And maybe Ronald Reagan could not have delivered on "Star Wars." But the Soviets had to build as if he could. While America made guns and butter, the Soviet Empire collapsed. Production capacity was decisive in the Cold War, too.

What is America's production capacity today? Where is it?

Protectionism may be the recipe for worldwide depression. And I tend to be in sympathy with the idealist, one-world camp myself. But must we move all our factories off shore? Will our skills at making movies or in handling mergers and acquisitions save us from future threats?

My modest proposal is this: Look at labels. All other things being equal, buy American. If you can afford it, and the cost difference isn't too much -- buy American even if it costs more.

And for any UK readers who've made it this far -- go ahead and buy British. I can appreciate that people should support their own local industries, in any country. For the same reasons. Unless, of course, you buy American. I'd be in favor of that, too.

8 comments:

Skittles said...

Very well said! While we're at it let's stop outsourcing all those jobs!

Empress Bee (of the High Sea) said...

we always try to buy american, always have, it's just really hard sometimes, like a tv or dvd. even autos, we always buy american brands. but we know the engines were made elsewhere. still trying anyway!

smiles, bee

tyvc

Patti said...

Ralph and I are convinced that the cat food tainted with that wheat gluten crap from China is what caused our cat's early demise. It makes me sad to think I inadvertently killed our furry little friend.

Ralph said...

Curmy, you are right on. As Patti noted, Sir Humphrey met his demise by tainted foodstuffs imported from China. Do note that all Purina dry food (dry only) is made in America.

You are right about owning your manufacturing capacity, especially during war. The US manufactured over 100,000 airplanes during WWII, and the Imperial Japanese military and the Nazis could not keep up. In addition, the Regan era analysis is dead on.

Agreed, buy American always where you can. For clothing, if not USA made (and that is hard), at least purchase clothing made in this hemisphere, not in China. Your proposal is very modest – we can make the effort.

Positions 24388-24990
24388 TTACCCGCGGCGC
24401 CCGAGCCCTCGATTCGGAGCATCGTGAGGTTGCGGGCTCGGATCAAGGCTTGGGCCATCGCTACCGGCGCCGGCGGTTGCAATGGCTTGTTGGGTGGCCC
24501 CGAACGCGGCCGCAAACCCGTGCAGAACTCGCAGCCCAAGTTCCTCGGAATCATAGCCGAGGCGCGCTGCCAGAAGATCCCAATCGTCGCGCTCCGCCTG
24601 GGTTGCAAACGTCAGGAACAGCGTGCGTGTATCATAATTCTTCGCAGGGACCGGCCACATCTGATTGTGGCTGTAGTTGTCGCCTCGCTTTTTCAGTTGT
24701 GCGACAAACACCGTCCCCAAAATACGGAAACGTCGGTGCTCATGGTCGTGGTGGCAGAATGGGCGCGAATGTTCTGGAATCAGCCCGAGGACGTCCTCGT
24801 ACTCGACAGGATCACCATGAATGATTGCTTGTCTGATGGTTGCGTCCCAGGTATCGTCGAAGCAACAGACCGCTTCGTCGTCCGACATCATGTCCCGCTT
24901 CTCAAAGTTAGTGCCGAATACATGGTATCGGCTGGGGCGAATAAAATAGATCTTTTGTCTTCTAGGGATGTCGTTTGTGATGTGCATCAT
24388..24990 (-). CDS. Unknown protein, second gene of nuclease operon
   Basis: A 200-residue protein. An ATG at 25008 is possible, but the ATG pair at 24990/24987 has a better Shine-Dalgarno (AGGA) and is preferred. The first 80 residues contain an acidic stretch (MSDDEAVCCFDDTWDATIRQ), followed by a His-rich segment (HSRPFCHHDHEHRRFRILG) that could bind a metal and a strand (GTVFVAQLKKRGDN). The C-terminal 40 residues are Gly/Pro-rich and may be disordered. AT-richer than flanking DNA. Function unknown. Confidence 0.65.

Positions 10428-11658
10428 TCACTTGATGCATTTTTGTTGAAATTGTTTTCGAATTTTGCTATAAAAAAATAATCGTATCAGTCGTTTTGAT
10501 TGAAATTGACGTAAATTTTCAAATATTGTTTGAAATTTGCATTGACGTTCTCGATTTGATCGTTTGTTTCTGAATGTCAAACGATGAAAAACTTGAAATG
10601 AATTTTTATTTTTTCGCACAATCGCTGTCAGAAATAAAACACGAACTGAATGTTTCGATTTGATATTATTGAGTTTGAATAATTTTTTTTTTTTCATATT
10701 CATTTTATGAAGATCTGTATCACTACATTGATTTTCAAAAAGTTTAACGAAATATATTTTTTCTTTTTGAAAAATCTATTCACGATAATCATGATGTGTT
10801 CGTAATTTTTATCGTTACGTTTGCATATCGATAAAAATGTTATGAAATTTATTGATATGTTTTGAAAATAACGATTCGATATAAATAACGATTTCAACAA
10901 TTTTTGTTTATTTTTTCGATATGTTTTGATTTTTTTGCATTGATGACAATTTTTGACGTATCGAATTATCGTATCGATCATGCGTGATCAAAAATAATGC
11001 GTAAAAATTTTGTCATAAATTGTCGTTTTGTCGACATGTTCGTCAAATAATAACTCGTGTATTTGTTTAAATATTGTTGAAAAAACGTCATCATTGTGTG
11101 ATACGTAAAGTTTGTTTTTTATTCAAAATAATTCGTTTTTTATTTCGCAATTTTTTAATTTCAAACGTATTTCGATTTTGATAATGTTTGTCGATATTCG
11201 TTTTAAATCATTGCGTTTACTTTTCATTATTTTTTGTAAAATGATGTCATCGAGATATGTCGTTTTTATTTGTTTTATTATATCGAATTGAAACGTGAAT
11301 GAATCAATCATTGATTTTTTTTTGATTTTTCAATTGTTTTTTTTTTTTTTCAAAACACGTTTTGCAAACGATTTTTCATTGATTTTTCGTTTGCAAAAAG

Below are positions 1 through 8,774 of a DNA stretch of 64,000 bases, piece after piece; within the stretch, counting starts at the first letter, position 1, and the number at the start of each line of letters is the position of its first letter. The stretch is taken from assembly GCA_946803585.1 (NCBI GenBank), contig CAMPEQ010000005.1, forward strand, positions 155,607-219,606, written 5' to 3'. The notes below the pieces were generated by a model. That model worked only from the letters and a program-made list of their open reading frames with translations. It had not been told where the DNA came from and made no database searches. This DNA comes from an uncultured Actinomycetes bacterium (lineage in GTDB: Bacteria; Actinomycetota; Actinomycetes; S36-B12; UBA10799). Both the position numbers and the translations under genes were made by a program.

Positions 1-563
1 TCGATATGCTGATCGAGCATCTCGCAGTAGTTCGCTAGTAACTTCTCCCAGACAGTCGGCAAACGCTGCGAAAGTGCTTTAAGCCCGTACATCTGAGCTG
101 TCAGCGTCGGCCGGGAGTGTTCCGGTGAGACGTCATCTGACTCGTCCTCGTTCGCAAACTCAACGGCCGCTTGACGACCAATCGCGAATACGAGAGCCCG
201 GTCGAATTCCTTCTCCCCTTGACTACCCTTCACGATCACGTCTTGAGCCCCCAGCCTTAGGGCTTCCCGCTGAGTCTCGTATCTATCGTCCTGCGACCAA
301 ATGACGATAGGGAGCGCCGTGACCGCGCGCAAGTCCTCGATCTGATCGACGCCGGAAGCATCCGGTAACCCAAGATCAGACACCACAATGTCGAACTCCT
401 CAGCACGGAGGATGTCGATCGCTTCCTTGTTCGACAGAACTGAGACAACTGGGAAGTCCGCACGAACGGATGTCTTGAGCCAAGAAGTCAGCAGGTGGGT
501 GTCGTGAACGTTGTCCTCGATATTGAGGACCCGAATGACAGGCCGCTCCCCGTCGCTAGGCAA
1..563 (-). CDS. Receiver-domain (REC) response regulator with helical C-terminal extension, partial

Anonymous said...
This comment has been removed by a blog administrator.
Dave said...

I like when you mount the box. Makes me think.

I'm a one world kind of guy.

I understand your means of production analysis; but, it won't win out unless the means of production has an economic basis, which it won't have unless it can compete globally. Such a turgid sentence.

At the time of the Revolutionary, Civil, First and Second World Wars, the world was not the economic structure it is today.

We, I hope, have seen our last adventurous war in Iraq, where we use our dwindling economic might. We will be paying for our adventure for the next several decades.

To my mind, the solution to our worldwide conflicts is a one world viewpoint. What hurts or helps me, helps or hurts you. What can be done to result in a win-win result is the question to be asked. China, even Iran, has no interest, and no ability to create war given economic reality. If we, the last remaining super-power and bastion of freedom can't afford to project our views on the rest of the world, how can they?

On second thought, get off your soapbox, your readers don't want to hear this stuff from me.

landgirl said...

Aside from the economic issues, when we do not produce things ourselves, we get stupider. I don't mean we just forget how to make tires or any particular individual thing, but we lose the knack of sussing how things in general work. There is a hands-brain connection that we need to keep alive. Gandhi argued that a spinning wheel in every house was an act of independence. For any/all of us how many things can you (still) do? Sew a dress? Repair a tire? Knit a sweater? Mend a sock? OK, now I'll get off my soap box, but Curm raises a very good point, and I for one like it, Curm when you get on your soap box. Oh! That's another good one--making soap.

MommasWorld said...

I am with you. I buy American cars (portions of most American cars are built here). I also refuse to work for or in another country. I will start looking at labels too.